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Junk-food, home cooking, physical activity and obesity: The effect of the fat tax and the thin subsidy

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  • Yaniv, Gideon
  • Rosin, Odelia
  • Tobol, Yossef

Abstract

In an effort to reduce the growing prevalence of obesity, a tax on junk-foods, known as 'fat tax', has been proposed, the revenue from which could be used to finance a 'thin subsidy' for healthy foods or exercising equipment. The present paper addresses the fat tax and thin subsidy within a food-intake rational-choice model. Assuming that healthy meals are cooked at home with purchased ingredients and time input, the paper examines the effects on obesity of a tax on junk-food meals and a subsidy to cooking ingredients, distinguishing between a weight-conscious and a non-weight conscious individual, and between a weight-conscious individual who is physically active and physically inactive. The results show that for a non-weight conscious individual a fat tax will unambiguously reduce obesity, whereas a thin subsidy may increase obesity. However, for a weight-conscious individual, particularly one who is physically active, even a fat tax may increase obesity, as it may reduce not just the consumption of junk-food, but also the time devoted to physical activity. The paper explores conditions under which obesity will rise, fall, or remain intact following the introduction of a fat tax or a thin subsidy.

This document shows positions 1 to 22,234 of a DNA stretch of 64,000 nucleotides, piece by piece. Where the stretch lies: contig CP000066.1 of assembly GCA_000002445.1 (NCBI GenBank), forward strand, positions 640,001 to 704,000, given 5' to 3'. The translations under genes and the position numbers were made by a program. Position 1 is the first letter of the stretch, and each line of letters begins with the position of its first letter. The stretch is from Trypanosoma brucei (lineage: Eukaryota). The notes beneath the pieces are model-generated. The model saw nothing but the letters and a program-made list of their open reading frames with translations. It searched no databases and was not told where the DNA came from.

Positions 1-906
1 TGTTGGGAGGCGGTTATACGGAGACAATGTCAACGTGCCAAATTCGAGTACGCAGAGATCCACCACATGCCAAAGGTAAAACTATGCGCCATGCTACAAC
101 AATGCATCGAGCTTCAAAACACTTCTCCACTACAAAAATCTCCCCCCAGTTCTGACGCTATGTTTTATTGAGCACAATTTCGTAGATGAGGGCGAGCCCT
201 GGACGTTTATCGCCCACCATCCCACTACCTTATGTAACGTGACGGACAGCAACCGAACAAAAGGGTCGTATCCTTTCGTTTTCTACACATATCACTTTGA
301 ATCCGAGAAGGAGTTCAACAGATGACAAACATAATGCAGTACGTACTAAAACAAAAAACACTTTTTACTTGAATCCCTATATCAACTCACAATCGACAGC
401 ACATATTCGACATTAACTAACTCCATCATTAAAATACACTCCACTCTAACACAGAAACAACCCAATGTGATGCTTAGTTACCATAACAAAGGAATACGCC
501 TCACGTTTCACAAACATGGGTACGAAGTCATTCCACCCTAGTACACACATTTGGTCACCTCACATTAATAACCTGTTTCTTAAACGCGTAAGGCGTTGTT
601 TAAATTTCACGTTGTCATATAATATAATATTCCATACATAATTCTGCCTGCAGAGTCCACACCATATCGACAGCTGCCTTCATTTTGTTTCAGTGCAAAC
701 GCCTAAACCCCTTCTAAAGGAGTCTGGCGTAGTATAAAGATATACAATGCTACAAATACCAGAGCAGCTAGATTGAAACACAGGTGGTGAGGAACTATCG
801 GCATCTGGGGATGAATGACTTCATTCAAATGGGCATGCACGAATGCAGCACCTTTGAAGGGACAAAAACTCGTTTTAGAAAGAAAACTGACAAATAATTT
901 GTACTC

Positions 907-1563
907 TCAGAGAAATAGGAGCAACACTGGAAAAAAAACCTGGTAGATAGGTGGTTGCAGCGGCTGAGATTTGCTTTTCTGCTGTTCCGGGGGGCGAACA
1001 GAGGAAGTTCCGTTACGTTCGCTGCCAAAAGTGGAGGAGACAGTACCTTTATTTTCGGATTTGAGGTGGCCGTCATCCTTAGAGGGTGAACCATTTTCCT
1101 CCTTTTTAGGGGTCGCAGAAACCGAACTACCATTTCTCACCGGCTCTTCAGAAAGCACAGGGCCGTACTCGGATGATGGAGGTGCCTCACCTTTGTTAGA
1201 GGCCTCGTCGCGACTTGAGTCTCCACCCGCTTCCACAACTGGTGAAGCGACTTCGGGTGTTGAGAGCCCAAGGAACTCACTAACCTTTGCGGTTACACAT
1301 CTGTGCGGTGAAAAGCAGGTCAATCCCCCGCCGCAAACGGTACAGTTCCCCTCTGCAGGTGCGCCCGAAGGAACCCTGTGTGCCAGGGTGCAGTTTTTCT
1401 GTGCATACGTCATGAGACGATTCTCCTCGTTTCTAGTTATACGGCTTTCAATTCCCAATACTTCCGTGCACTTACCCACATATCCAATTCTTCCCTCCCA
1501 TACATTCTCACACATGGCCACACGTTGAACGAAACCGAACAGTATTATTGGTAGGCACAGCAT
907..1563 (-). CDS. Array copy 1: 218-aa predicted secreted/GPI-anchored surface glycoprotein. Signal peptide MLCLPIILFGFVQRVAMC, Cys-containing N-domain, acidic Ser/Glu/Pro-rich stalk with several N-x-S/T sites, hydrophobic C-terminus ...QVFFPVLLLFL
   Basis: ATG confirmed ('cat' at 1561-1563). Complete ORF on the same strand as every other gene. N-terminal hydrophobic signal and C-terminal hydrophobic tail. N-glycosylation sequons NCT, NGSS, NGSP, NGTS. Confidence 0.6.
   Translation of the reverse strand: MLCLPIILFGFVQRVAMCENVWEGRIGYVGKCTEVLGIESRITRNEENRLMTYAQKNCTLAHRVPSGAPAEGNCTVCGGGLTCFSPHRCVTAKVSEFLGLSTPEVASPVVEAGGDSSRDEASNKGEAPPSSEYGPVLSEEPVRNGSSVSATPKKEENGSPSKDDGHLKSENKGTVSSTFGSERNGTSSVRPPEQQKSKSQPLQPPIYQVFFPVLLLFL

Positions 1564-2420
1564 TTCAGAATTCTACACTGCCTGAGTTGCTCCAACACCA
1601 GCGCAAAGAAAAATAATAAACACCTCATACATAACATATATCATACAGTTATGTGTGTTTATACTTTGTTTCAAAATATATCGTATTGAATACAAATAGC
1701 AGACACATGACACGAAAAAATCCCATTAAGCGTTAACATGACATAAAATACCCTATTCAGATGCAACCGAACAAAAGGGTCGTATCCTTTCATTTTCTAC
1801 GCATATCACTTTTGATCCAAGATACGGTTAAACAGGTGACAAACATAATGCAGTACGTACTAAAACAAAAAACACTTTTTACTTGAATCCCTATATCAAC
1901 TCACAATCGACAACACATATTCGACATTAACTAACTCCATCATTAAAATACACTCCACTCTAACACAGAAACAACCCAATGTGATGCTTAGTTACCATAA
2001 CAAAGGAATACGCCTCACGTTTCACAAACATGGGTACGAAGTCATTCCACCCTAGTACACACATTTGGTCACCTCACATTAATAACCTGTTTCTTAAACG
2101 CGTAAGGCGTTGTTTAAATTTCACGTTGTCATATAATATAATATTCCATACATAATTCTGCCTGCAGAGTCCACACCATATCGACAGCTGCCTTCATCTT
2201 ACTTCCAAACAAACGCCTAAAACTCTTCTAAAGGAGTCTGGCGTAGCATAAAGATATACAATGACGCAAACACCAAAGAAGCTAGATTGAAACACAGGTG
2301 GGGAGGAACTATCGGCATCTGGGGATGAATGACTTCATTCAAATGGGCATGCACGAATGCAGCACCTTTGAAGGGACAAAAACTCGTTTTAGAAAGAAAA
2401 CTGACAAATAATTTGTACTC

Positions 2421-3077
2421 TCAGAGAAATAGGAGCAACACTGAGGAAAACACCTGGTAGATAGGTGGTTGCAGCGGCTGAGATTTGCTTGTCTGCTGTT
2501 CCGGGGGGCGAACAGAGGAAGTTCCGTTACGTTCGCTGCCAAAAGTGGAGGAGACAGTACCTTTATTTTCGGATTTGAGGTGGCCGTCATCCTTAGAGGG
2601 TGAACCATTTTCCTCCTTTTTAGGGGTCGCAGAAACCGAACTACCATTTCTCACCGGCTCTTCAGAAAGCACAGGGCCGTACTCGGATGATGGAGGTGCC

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Bibliographic Info

Article provided by Elsevier in its journal Journal of Public Economics.

Volume (Year): 93 (2009)
Issue (Month): 5-6 (June)
Pages: 823-830

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Handle: RePEc:eee:pubeco:v:93:y:2009:i:5-6:p:823-830

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Web page: http://www.elsevier.com/locate/inca/505578

Related research

Keywords: Junk-food Home cooking Physical activity Obesity Fat tax Thin subsidy;

References

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  1. Tomas J. Philipson & Richard A. Posner, 1999. "The Long-Run Growth in Obesity as a Function of Technological Change," Working Papers 9912, Harris School of Public Policy Studies, University of Chicago.
  2. Robert Goldfarb & Thomas C. Leonard & Steven Suranovic, 2006. "Modeling Alternative Motives for Dieting," Eastern Economic Journal, Eastern Economic Association, vol. 32(1), pages 115-131, Winter.
  3. Sanz-de-Galdeano, Anna, 2005. "The Obesity Epidemic in Europe," IZA Discussion Papers 1814, Institute for the Study of Labor (IZA).
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  6. Levy, Amnon, 2003. "A Theory of LTR Junk-food Consumption," Economics Working Papers wp03-06, School of Economics, University of Wollongong, NSW, Australia.
  7. Darius Lakdawalla & Tomas Philipson & Jay Bhattacharya, 2005. "Welfare-Enhancing Technological Change and the Growth of Obesity," American Economic Review, American Economic Association, vol. 95(2), pages 253-257, May.
  8. Gruber, Jonathan & Frakes, Michael, 2006. "Does falling smoking lead to rising obesity?," Journal of Health Economics, Elsevier, vol. 25(2), pages 183-197, March.